The laminar profiles shown in Figures 3, 6 were quantified by measuring the integrated optical densities (IODs) of the ISH signals in the designated layers as follows. First, we obtained columnar images of active-eye and inactive-eye columns, which contained from layer I to WM vertically, and pasted all images measuring IODs in one canvas for each gene using Adobe Photoshop. We obtained the layer values for an active-eye column and for an inactive-eye column per section. To obtain the average signal intensity, five or six sections from two to three different marmosets in each time point (Table 1). Second, two vertical lines were set within the active- or inactive-eye column to obtain the line profile using the “line profile (thick vert)” menu of Image-Pro Plus. In this menu, the 8-bit gray-scale values of the pixels at each vertical position were averaged to determine the optical density at that position. Third, this line profile was referenced to the cortical layers determined as described above. Fourth, a portion (30 pixel height) of each layer (or sublayer) was set as the ROI for IOD measurement. That is, the OD values at particular lamina positions were integrated as the “signal intensity” of this layer. Signal to noise ratio of ISH signal was high enough so that the background level can be negligible. In order to combine data from multiple samples we carefully perform the tissue processing (e.g., storage of samples, pegged coloring time) and carried out ISH of cortical tissues of different animals at the same condition. Within a range of difference in the length of the dark-rearing time in the current study, the expression profiles were confirmed to be similar among the samples obtained at the same time point.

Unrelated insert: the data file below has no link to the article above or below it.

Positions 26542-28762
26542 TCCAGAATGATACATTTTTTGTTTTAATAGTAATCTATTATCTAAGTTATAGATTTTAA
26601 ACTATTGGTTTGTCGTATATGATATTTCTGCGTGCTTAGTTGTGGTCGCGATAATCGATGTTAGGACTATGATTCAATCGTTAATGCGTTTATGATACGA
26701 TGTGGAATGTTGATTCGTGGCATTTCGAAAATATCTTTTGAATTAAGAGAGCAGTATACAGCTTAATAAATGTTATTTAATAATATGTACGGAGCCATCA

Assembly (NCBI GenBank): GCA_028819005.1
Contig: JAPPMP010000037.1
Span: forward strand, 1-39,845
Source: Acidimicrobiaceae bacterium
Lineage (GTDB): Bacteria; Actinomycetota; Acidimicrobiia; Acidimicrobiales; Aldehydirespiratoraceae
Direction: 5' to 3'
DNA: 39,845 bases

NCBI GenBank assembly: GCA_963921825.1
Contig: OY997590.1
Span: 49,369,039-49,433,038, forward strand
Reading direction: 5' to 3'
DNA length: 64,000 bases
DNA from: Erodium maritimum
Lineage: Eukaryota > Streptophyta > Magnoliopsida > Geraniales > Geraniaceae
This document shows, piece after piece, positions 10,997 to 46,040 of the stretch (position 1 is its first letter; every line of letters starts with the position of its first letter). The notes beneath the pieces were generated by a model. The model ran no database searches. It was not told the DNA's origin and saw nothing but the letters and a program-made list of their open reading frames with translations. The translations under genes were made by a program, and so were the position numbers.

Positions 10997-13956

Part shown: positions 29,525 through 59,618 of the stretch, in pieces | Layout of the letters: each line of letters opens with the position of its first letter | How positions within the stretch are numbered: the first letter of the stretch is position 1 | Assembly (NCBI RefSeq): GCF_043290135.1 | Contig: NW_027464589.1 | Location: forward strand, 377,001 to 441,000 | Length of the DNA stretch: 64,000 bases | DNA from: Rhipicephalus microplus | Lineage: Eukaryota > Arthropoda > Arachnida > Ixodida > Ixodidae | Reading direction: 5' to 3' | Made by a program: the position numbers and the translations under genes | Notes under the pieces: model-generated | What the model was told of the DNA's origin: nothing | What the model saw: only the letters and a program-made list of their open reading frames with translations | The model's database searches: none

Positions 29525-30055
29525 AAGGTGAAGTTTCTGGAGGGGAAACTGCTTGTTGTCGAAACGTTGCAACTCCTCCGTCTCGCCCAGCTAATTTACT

Functional ODCs in V1 of Adult Marmosets Throughout Layers II–VI Visualized by Monocular Light Induction Experiment